THE LATE A. L. ROBERTSON.  At a meeting of the Bar of Nashville, in the Criminal Court room yesterday evening to pay a fitting tribute of respect to the memory of the late A. L. Robertson, Judge J. L. Shackelford was called to the Chair and Mr. T. M. Steger acted as Secretary.  During the absence of the committee, eulogies upon the talents and virtues of the deceased as a man, soldier, lawyer and citizen were feelingly delivered by Mr. R. H. McEwen, Colonel McClanahan, General Stubblefield, Mr. W. G. Brien and Colonel John C. Burch. Mr. S. W. Childress, General George J. Stubblefield, Colonel John C. Burch and Messrs. Robert Winstead, Ed Douglas, Frank Reid, F. C. Maury, F. Porterfield and W. H. Dillard were requested to act as pallbearers.  The bar resolved to meet at the Maxwell House at 9 a. m. today to attend the funeral which takes place at 10 o’clock.  Mr. Frank T. Reid reported the following resolutions prepared by the committee.  “Abbott L. Robertson, a member of the bar of this city, died at a quarter to seven this morning.”

August 4, 1871
FUNERAL OF A. L. ROBERTSON.  The funeral services of the last A. L. Robertson were largely attended yesterday at Christ Church, Rev. Dr. Ellis officiating.  His remains were interred in the city cemetery whither many friends followed to pay a last tribute of respect.

August 5, 1871
HICKMAN, Friday evening at 6 o’clock at 132 Spruce Street, G. W. HICKMAN.  Funeral services at the Christian Church on Church Street Sunday afternoon at 4 o’clock.  Petersburg and Hampton, Virginia papers, please copy.

September 11, 1871
DIED FORD, in this city on Sunday the 10th instant, T. L. FORD at the residence of his brother,     B. F. L. Ford.

September 16, 1871
DIED, MILLER.  At the residence of W.R. Bell,  Edgefield, on Friday evening, September 15 at 3 o’clock, MRS. MARTHA MILLER, relict of the last CAPTAIN JOSEPH MILLER in the sixty-fourth year of her age.  Further notice will be given of the time of funeral.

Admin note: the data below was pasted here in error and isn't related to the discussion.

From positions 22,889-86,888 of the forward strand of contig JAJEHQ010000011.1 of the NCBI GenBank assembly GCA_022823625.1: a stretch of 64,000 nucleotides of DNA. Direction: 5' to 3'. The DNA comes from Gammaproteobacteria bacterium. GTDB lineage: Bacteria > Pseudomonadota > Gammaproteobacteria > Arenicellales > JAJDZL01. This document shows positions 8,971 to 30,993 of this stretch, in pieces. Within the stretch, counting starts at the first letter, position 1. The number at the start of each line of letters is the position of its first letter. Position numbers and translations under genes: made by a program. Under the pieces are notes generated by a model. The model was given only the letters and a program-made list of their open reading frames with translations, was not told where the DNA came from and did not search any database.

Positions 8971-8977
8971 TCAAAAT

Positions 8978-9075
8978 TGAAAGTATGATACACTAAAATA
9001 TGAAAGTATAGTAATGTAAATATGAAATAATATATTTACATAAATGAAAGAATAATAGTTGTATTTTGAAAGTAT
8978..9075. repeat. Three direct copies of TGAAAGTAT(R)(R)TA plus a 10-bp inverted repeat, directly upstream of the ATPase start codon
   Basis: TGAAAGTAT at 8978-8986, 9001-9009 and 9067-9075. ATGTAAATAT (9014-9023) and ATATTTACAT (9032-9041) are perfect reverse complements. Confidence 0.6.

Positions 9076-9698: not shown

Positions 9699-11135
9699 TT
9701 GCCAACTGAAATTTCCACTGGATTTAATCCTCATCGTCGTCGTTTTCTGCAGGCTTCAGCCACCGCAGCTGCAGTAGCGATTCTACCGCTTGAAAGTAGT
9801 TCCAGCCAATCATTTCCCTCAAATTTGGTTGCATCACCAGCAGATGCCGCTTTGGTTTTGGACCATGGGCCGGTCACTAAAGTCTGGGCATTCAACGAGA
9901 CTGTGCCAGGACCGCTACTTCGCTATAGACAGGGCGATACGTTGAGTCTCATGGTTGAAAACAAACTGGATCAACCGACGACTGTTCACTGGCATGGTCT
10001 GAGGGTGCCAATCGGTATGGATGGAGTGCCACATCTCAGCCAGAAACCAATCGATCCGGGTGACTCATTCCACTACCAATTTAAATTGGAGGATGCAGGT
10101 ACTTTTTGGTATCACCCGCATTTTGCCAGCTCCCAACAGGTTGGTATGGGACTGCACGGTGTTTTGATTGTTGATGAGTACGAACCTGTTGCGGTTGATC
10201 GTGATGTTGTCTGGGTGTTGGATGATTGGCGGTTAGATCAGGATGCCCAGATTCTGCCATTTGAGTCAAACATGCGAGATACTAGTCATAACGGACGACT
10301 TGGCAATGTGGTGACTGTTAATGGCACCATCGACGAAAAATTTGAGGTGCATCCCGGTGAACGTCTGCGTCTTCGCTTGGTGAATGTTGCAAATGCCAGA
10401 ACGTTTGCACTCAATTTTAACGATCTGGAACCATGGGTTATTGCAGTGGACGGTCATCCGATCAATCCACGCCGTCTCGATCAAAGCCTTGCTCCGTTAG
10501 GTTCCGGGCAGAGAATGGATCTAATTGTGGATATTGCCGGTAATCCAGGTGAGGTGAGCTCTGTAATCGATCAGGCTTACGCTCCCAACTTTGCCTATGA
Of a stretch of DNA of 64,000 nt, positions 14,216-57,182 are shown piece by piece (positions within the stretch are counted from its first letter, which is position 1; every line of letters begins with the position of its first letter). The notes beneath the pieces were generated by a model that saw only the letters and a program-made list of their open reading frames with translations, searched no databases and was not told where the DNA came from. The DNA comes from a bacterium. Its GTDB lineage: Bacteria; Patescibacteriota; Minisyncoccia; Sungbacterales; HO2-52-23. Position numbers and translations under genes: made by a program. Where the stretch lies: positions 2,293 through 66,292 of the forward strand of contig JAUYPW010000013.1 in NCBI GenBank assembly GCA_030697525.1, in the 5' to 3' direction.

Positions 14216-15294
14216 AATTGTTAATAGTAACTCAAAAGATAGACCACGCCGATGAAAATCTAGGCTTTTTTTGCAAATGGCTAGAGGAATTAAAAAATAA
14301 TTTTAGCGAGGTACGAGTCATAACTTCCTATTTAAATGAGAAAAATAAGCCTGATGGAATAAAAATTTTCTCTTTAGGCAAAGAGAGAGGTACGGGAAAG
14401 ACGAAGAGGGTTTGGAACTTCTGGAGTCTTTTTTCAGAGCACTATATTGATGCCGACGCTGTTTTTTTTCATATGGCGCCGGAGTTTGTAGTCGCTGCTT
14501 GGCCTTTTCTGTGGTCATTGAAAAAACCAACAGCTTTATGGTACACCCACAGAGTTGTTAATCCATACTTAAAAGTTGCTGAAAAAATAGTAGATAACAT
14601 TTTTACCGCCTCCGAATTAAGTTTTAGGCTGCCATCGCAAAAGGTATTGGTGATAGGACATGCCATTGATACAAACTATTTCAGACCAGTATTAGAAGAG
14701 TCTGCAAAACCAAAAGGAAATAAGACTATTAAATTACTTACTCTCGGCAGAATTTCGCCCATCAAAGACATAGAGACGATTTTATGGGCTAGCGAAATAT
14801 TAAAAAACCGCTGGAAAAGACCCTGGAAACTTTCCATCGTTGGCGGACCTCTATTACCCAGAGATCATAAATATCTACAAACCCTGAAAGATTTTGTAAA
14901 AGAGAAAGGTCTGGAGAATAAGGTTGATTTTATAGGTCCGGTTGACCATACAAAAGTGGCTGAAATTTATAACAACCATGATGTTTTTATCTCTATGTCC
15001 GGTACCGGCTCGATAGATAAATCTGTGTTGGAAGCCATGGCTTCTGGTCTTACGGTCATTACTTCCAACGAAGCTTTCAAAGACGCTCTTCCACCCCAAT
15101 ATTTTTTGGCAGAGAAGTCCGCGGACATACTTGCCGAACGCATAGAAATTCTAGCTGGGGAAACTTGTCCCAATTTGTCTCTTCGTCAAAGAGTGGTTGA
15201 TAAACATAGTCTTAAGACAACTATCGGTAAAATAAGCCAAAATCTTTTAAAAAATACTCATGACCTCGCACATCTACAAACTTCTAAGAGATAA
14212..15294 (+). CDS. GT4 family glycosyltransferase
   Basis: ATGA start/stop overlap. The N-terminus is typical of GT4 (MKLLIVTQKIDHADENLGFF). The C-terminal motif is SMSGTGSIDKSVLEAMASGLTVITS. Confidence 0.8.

October 10, 1871
DIED, SHIELDS.  Died in this city at the residence of B. F. Shields, JOHN J. SHIELDS, 80 years of age, amidst his family of children and grand children, retaining his mental vigor in his old age and beloved by all who knew him.  His funeral will take place from the residence of B. F. Shields, No. 80, North Summer Street, this afternoon at 3:30 o’clock.  Services by the Rev. Drs. Sawrie and P. S. Fall.  (I think this is D. S. Shields listed in the cemetery book.)

October 27, 1871
DIED FOERDERER.  Yesterday afternoon at 1:30 o’clock, MRS. CHRISTINE FOERDERER, wife of JOHN FOERERER and daughter of MR. LACROEX.  Funeral will take place at resident, corner High and Monroe streets at 2 o’clock p. m. today.  [I think this is Cristena Folderes listed in the cemetery book.]

November 26, 1871
FUNERAL NOTICE.  LUCAS.  The friends and acquaintances of the late WILLIAM H. LUCAS are requested to attend his funeral from Tulip Street Church, Edgefield at 2 o’clock this afternoon.  Services by Bishop McTyeire, Rev. Dr. T. O. Summers and Rev. Robert Brown.


Washington Cooper's Obituary Listing